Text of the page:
Of course, after some soul-searching, you may decide the possibilities with your crush are more important than the reality with your boyfriend. If that's the case, fine; just make sure your boyfriend (and, presumably, your crush's girlfriend) is kept in the loop. Getting dumped will sting, but getting dumped after being cheated on and lied to will sting more.
Dear Miss Information,
For a few months, I dated a boy who I was only marginally into. I enjoyed his company, and we had great sex, but we were very clearly on different paths, and it seemed obvious (to me) that we wouldn't work out. Maybe I wasn't as up-front with him about my ambivalence as I should have been, and he fell for me very hard. I think I broke his heart. But I didn't do it maliciously! It just happened.
Through this boy, however, I met another boy, who I could see myself with for a while. They both run in the same circle, and aren't really friends, but have lots of mutual friends. I don't see any conflict with dating this new boy, but every single person I know in this circle is treating it like a big deal — like I'm doing something actively cruel by following my heart.
I just don't have that thing most girls do about dating friends of your ex. I've even told lady-friends of mine that they should date people I've dated, because maybe they'd be a better match. But my friends balk at the idea, as though it would be doing something mean to me. I don't see it that way. I mean, we're all grown ups. People freak out about this, and it seems so strange to me. Am I an unfeeling jerk? Or is a lack of possessiveness a good thing?
Part of being social animals is that some concessions have to be made to the group. (Obviously, you don't want to upset the pod/pack/murder.) We've all seen The Real Housewives of Wherever. We all know how this goes down. So you're doing the right thing in considering others' feelings; now it's a balancing act between "living for yourself" and "living for others." You owe it to your friends to acknowledge that your new relationship might be awkward for them, at least at first. You don't, however, have to sacrifice yourself at the altar of placating your friends.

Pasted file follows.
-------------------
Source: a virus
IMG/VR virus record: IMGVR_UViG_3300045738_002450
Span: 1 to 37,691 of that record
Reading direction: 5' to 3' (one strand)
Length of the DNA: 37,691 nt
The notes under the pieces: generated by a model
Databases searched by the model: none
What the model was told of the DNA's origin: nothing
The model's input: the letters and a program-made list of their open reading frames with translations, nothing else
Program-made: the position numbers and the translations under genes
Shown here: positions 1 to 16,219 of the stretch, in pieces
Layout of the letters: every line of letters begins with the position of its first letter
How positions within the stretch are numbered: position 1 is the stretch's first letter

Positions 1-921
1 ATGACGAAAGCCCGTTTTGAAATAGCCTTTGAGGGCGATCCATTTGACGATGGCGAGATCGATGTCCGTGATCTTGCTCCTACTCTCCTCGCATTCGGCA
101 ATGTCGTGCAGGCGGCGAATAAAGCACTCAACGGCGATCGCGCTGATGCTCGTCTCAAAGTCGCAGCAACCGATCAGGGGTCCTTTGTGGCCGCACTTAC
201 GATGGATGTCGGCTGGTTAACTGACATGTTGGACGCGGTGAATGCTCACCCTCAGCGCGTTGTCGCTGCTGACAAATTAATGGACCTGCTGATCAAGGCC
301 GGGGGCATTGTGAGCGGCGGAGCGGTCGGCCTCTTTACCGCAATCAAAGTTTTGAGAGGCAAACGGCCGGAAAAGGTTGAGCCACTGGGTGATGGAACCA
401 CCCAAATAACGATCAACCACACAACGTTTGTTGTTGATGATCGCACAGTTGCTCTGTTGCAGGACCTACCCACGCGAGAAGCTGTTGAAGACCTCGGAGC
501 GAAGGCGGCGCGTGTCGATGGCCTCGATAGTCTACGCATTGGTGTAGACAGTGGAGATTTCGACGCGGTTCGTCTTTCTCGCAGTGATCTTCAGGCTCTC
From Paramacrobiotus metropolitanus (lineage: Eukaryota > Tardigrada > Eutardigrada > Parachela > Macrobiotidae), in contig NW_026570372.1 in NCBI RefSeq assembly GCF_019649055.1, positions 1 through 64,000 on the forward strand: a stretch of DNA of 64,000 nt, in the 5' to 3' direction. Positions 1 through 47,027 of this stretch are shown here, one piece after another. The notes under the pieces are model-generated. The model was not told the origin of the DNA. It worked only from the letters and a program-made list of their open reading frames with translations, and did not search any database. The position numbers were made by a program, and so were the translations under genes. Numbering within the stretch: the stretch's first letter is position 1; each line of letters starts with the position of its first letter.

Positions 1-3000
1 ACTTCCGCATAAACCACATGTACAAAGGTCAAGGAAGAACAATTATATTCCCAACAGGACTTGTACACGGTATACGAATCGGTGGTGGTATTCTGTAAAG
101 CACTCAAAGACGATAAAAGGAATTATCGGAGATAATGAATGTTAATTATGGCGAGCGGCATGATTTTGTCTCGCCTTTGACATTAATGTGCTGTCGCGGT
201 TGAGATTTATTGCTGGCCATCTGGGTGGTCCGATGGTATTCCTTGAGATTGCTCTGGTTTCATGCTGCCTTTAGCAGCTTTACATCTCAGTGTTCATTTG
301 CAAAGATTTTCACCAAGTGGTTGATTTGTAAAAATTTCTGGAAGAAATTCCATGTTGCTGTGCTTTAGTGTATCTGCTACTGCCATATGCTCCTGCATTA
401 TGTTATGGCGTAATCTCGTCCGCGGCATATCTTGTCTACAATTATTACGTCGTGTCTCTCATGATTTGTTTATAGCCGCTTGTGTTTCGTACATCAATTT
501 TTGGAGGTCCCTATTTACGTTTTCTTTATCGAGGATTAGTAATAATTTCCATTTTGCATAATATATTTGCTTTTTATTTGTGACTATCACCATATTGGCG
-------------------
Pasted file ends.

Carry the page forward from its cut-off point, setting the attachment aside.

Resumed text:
So, no, you're not an unfeeling jerk, but you need to recognize others' feelings as valid, even if they don't make sense to you. Your new relationship may be tough for your ex to swallow, given that he "fell hard" for you. It may be difficult for his friends, who may circle around him to help him lick his wounds. None of this is your fault or responsibility, but it's nonetheless something you should respect.
It's a good idea to play it cool in general: keep PDA minimal or non-existent, and fit into group settings as you always have — as yourself, not as "vital one-half of the most important couple of all time." A lot of the anxiety about a friend dating a friend's ex isn't about the present, it's about the possibility: "What about all of the future drama that could happen?" Consider your friends' protestations from that angle, then comport yourself in the least dramatic way possible.